Though traditionally a winter-blooming indoor plant, the cyclamen you find in a florist shop also make a nice outdoor container plant in early spring. It prefers dappled shade and cool temperatures, but move it inside if a frost is expected. Plant cyclamen in a well-draining potting mix and let it dry on the surface before you water to prevent tubers from rotting. When petals fall, twist and tug the flower stem at the base to deadhead and encourage more blooms. In summer, warm temps cause flowering to slow or stop. Leave plants in the container and enjoy the attractive foliage, or pull the cyclamen out and pot it up as a houseplant.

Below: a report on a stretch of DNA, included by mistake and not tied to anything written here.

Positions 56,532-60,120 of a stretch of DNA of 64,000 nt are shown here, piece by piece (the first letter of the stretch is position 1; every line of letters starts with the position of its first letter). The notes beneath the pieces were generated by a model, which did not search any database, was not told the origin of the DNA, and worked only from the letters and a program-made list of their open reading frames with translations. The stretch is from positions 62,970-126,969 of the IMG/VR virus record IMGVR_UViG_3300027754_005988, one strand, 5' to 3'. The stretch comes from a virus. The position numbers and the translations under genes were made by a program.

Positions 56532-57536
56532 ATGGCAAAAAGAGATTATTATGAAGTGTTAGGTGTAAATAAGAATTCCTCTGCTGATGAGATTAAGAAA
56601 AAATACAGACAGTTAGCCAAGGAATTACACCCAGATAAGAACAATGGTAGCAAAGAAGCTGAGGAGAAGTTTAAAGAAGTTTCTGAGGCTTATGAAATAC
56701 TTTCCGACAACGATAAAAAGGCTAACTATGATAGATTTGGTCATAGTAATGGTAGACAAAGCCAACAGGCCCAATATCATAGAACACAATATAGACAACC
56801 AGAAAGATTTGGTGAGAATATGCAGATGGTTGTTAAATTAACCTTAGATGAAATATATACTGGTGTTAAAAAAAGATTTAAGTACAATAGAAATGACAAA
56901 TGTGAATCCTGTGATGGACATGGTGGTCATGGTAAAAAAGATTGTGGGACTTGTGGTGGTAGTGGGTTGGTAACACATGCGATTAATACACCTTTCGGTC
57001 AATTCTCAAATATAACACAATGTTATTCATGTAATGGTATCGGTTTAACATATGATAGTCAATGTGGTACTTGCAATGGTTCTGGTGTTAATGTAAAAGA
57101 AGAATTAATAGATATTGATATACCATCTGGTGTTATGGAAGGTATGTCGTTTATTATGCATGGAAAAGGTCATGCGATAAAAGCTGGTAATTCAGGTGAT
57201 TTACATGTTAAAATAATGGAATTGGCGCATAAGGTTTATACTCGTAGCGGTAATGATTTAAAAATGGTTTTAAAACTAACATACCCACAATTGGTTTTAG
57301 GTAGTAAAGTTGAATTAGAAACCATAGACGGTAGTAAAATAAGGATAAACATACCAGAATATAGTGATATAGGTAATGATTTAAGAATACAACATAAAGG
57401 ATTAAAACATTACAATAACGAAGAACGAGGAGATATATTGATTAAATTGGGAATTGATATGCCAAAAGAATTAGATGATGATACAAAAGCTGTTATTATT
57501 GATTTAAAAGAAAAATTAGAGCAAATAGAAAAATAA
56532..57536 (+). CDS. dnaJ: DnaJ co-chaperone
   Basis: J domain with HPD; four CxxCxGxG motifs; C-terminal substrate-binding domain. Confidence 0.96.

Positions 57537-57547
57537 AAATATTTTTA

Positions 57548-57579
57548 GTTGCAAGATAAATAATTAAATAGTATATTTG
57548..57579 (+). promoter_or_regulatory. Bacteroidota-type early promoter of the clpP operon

Lobelia makes a great cool-weather shade companion in this combination, with its tiny blue flowers cascading over the lip of the pot. Adding a bit of height in the back of the container, spiky ‘Blue Dart’ rush tolerates light shade in early spring, but prefers more sun, so move it to another planter for the summer.

Cyclamen tip

Cyclamen grows from a corm-shaped tuber that should be planted right at the soil surface, not covered with soil, potting mix or mulch.

Circle planting plan for cyclamen and lobelia container

Plant list (number to plant)

A) RushJuncus ‘Blue Dart’ (1)
B) CyclamenCyclamen hybrid (2)
C) LobeliaLobelia Magadi Dark Blue (4)
Container is 18 inches in diameter

Product Recommendations